9 Home Remedies For Rosemary You’ll Want To Try Today


Rosemary, which is considered a Mediterranean aromatic, has been used throughout history for the past 7,000 years or more. It can be used in countless ways, as an herb, a nutritional supplement high in antioxidants and lowering blood sugar, as a pest repellent, and for some, even for  burial traditions.

Some people can easily grow rosemary, since its considered a weed that’s quick to grow all around your house. But for others, they have to look in grocery stores or markets, sometimes spending as much as two to three dollars for a pack.

It’s also quick to grow, while pruning it can increase vitality and make it grow even faster. Plus it can be picked and used at any time, not needing to wait for it to mature.

Aside from how easy it is to grow, the fact that it has countless uses also means that you won’t be able to wait to get some in your hands. More so when you find out how it can take the place of many items on your grocery list!

1. Cognitive Performance

It’s said that rosemary can be deeply inhaled to help improve cognitive performance such as studying for a an exam, moving house, dealing with a deadline at either school or work, or other such activities.

According to one study, rosemary has been scientifically proven to help with cognitive performance. One of the authors explained about this hypothesis, “Here we show for the first time that performance on cognitive tasks is significantly related to concentration of absorbed 1,8-cineole following exposure to rosemary aroma, with improved performance at higher concentrations.”

He added, “Furthermore, these effects were found for speed and accuracy outcomes, indicating that the relationship is not describing a speed-accuracy trade off.”

2. Hair Care

Oftentimes, herbs are used for their specific uses in cosmetics, in lotions, soaps and shampoos and the like, and rosemary is no different. When it comes to rosemary essential oil, it can help unblock hair follicles while clearing dandruff due to its antimicrobial properties. It can also stimulate the blood flow to the scalp, as well as increase the speed of hair growth.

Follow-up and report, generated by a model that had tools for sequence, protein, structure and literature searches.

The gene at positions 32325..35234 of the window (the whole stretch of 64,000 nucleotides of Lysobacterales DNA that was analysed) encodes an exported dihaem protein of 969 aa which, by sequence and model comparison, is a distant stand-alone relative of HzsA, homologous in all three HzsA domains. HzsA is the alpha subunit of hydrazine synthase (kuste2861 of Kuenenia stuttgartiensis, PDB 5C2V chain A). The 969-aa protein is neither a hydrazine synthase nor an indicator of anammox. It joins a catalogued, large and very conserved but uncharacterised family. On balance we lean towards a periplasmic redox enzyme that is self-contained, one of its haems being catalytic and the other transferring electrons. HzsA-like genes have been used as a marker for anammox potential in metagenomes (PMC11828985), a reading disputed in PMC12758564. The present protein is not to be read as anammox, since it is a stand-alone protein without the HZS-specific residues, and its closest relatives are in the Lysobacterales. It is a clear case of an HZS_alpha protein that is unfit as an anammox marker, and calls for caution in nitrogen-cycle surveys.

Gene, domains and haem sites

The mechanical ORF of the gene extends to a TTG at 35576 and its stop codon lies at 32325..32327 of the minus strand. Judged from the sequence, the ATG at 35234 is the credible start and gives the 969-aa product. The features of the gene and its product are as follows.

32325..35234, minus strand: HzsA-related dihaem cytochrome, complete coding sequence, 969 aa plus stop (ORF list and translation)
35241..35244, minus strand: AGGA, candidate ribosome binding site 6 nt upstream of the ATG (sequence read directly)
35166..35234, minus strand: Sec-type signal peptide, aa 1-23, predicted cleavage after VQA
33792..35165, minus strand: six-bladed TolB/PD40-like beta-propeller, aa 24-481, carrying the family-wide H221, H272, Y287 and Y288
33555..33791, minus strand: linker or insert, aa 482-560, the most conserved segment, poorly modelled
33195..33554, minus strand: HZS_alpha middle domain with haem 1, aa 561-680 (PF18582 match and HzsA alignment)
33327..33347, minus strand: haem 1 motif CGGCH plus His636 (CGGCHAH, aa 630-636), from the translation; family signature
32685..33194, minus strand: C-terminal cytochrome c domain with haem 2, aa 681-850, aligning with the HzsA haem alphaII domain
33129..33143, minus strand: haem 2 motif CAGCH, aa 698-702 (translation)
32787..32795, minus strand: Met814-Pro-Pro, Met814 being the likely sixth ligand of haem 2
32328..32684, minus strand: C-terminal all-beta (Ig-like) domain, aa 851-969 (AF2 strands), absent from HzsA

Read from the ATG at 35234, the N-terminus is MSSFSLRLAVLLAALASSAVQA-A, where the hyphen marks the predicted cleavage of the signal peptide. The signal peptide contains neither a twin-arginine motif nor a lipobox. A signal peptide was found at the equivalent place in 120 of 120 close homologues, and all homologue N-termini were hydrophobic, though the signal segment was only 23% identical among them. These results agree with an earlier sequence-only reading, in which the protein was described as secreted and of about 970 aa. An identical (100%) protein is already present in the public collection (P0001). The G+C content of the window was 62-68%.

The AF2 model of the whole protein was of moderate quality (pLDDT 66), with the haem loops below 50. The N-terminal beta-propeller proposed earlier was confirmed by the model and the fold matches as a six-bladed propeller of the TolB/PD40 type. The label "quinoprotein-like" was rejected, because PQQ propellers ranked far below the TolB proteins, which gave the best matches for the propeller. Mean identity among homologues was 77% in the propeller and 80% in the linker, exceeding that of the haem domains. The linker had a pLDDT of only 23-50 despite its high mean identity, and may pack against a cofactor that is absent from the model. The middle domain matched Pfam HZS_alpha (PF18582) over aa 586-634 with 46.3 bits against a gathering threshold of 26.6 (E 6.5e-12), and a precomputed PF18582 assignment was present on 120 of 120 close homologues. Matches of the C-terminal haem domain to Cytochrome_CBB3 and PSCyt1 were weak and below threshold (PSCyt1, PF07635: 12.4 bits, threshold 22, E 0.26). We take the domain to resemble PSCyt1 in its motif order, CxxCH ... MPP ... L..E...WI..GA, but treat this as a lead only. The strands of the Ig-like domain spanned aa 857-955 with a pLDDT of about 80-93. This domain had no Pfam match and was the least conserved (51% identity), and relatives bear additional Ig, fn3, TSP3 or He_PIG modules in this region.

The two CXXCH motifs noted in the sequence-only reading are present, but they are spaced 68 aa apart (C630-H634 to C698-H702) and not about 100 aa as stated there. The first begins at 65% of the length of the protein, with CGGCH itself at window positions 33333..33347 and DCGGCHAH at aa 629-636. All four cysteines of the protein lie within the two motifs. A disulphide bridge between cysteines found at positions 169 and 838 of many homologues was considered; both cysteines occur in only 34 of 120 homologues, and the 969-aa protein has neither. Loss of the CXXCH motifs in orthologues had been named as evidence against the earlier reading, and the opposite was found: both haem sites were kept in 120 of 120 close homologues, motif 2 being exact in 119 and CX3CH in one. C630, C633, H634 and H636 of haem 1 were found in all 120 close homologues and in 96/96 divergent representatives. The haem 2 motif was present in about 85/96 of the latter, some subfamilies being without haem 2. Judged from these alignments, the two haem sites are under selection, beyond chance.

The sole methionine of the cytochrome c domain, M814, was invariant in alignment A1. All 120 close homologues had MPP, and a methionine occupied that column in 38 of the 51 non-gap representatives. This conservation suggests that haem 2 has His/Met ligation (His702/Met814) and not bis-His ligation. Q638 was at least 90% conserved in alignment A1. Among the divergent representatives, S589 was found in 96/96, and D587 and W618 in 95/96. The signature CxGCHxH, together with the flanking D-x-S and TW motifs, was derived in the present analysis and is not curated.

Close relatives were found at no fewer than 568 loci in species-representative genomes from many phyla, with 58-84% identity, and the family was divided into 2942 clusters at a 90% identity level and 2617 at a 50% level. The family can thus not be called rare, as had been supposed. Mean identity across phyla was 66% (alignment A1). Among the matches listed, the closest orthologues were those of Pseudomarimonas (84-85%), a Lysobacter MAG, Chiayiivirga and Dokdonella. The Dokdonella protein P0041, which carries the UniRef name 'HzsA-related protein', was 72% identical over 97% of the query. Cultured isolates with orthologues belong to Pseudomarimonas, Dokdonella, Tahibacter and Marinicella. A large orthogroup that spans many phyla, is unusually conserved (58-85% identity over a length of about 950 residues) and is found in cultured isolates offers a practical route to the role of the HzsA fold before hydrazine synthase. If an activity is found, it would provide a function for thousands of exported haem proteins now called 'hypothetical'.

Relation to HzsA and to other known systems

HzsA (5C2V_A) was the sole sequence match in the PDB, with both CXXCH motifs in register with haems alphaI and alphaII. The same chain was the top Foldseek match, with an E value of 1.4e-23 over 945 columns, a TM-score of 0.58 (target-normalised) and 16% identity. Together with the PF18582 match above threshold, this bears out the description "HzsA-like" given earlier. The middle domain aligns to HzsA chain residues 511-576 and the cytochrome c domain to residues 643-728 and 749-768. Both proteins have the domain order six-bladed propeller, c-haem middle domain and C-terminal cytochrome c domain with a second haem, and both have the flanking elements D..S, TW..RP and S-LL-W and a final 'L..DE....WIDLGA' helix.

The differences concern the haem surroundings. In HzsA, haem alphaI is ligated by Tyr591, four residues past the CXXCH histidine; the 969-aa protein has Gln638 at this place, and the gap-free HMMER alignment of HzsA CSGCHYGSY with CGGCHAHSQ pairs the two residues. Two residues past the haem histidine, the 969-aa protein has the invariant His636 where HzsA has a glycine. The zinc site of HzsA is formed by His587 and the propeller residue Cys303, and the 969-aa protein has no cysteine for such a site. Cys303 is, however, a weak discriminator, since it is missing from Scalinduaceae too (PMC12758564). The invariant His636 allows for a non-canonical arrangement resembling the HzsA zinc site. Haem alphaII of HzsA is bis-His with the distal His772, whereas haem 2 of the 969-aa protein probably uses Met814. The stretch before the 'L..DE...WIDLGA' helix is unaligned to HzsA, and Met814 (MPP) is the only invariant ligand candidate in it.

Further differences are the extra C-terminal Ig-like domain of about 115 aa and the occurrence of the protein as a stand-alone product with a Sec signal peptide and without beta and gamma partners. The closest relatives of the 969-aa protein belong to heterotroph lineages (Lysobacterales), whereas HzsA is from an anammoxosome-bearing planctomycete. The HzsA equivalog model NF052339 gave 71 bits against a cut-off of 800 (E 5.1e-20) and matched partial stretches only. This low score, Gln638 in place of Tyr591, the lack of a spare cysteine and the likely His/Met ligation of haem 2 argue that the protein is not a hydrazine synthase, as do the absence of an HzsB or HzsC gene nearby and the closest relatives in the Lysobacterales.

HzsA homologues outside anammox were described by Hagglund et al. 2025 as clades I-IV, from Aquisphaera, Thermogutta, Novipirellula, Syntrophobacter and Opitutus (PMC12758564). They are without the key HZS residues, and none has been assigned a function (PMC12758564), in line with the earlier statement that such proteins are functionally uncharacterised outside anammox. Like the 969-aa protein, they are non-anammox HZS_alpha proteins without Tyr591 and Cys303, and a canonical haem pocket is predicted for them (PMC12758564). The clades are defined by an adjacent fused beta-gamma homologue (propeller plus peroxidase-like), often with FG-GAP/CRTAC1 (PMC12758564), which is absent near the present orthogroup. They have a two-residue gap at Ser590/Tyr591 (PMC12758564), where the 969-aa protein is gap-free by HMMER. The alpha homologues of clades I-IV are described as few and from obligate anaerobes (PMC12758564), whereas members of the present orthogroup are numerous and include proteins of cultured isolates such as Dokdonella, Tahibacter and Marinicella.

One such article suggests using rosemary and adding thyme, nettle, cedarwood, lavender and mint.

3. Deodorant

Many people prefer to use more natural deodorizers since the usual deodorants use chemicals including parabens, which are well known endocrine disrupter, as well as aluminum chlorohydrate, which is a known carcinogen. But it makes many wonder why not use a more natural item, such as rosemary?

Again, rosemary essential oil can help, being used as a natural deodorant. Most chemical deodorants contain a number of harmful ingredients, which is why a number of people are switching to more natural options.

4. As an Infusion

Rosemary has a very distinct smell, and when added to a bit of olive oil a placed in an airtight glass jar or container, it ends up preserving the scent and flavor for use in the future. Other ways to make a tasty infusion is by mixing sprigs of rosemary with oregano and marjoram in white vinegar to make an amazing salad dressing.

And just like this recipe suggests, rosemary can also be added to certain herbaceous gins with some lemon and keep in an airtight container and let it sit for a week. In fact, it can be used with a number of other alcohols if gin isn’t your thing.

5. Butter

Who doesn’t love butter? It can be even better when turned into a special spread with rosemary that makes any type of bread taste amazing. To make it, simply soften some butter and add the rosemary in, then reshape and place back in the refrigerator to harden once more. Follow this detailed recipe for more choices.

6. Dentistry